The digital acquisition unit 17, working with the BUI Library 18, preferably exhibits some or all of the following features: (1) it provides an internal DSP system capable of performing real time cognitive, stress, and motion assessment of continuous signals (such ;as EEG, EMG, vibration, acceleration, etc.) and generating spatio-temporal indexes, linear data transforms, and/or normalized data results. Processing requirements may include (i) EOG detection and artifact correction; (ii) spatial, frequency and/or wavelet filtering; (iii) boundary element modeling (BEM) and finite element modeling (FEM) source localization; (iv) adaptive neural network pattern recognition and classification; (v) fast fuzzy cluster feature analysis methods; (vi) real time generation of an output control signal derived from measures that may include (a) analysis of motion data such as vibration, acceleration, force, load, position, angle, incline and/or other such measures; (b) analysis of psychophysiological stress related data such as pupil motion, heart rate, blink rate, skin conductance, temperature, respiration, blood flow, pulse, and/or other such measures; (c) spatial, temporal, frequency, and wavelet filtering of continuous physiological waveforms; (d) BEM and FEM based activity localization and reconstruction; (e) adaptive neural network pattern recognition and classification; and (f) fast fuzzy cluster feature extraction and analysis methods.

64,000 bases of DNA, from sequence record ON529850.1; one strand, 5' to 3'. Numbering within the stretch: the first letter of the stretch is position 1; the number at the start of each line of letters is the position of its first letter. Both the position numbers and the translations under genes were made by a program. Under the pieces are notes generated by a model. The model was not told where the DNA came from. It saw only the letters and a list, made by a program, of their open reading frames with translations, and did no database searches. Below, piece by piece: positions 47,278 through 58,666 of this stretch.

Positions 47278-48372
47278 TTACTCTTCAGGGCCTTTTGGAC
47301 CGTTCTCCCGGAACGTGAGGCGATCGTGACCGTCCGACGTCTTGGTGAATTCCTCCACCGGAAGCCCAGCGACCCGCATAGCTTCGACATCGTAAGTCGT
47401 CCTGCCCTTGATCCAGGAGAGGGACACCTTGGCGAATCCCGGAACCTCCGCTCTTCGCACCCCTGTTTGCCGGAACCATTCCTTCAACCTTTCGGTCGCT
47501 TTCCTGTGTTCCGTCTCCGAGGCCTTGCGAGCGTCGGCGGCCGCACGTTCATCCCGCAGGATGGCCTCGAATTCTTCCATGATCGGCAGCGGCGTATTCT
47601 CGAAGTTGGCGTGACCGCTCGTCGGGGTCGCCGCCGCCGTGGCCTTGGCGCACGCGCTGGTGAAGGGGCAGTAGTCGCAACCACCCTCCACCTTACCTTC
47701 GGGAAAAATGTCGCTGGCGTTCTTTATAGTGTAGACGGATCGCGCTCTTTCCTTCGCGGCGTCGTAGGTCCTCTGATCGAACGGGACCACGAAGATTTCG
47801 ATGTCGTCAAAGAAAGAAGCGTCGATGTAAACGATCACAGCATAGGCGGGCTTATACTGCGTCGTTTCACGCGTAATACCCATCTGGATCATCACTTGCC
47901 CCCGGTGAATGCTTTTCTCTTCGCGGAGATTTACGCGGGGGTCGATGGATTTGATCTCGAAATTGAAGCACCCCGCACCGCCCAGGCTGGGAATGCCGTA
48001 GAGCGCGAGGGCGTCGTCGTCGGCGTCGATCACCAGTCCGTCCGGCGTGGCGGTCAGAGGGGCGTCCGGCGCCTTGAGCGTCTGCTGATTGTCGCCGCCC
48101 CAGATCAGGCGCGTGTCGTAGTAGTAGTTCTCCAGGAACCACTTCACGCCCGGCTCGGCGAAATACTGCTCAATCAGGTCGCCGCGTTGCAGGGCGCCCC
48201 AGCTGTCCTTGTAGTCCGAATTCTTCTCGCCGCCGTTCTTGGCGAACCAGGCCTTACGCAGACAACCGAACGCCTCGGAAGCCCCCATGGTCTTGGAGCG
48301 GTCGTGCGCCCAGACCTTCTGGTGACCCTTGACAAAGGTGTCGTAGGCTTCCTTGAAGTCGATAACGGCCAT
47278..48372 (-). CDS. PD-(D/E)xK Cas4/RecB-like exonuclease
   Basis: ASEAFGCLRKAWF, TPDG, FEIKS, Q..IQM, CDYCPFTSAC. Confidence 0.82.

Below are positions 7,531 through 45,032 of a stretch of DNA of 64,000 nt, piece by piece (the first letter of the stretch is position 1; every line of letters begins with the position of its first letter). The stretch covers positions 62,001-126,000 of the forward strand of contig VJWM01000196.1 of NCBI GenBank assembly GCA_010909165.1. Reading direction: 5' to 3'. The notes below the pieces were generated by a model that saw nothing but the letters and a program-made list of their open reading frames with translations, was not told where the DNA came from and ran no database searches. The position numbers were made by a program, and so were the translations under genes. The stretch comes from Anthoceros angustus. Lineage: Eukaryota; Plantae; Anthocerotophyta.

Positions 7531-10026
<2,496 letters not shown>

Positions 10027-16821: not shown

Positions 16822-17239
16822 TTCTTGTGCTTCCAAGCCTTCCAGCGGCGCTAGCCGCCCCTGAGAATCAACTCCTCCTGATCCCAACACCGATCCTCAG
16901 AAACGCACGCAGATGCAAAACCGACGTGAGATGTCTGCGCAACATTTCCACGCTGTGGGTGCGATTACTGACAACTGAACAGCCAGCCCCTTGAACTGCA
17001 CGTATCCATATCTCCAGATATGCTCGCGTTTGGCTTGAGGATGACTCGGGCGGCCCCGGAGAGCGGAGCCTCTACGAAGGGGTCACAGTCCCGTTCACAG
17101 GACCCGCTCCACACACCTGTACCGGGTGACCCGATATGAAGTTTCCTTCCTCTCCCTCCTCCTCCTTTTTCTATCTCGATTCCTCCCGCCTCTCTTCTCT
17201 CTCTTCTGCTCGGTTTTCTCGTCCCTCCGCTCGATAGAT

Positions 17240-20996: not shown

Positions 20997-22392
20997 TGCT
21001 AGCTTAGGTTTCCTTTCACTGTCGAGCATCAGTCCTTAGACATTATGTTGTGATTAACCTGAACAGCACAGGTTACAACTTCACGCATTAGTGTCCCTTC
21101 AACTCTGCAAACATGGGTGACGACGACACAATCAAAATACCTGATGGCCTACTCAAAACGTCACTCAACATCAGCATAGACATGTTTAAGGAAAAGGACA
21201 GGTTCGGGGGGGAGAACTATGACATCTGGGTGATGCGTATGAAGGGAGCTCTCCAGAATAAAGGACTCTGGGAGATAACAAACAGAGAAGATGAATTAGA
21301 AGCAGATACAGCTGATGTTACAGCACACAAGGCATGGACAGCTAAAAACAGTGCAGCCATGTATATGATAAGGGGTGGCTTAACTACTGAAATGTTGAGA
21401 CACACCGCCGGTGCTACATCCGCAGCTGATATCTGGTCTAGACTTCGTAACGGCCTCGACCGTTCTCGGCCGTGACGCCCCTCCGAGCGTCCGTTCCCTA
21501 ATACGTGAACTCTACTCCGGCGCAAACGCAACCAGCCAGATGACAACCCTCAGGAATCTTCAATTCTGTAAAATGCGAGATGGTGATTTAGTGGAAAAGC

The data interface between the sensor placement system 10 and host PC 16 can be accomplished in a number of ways. These include a direct (medically isolated) connection, or connection such as via serial, parallel, SCSI, USB, Ethernet, or Firewire ports. Alternatively, the data transmission from the sensor placement system 10 may be indirect, such as over a wireless Internet connection using an RF or IR link to a network card in the PCMCIA bay of the wearable computer. To meet the hardware/software interface requirements, multiple interconnect options are preferably maintained to offer the greatest flexibility of use under any conditions. The software portion of the interface is preferably operated through an application program interface (API) that lets the user select the mode of operation of the hands-free controller by defining Physical Activity Sets (control templates), and launching the chosen application.
 The invention also uses a unique processing method, sometimes referred to herein as a Bio-adaptive User Interface™ method, that includes some or all of the following features:
 (1) processing of one or more sets of indices relating changes in mental and physical activity in terms of control output signals used for the purpose of communicating the intentions of the user to operate an interactive application without the use of hand operated mechanical devices, or microphone-based auditory speech processors;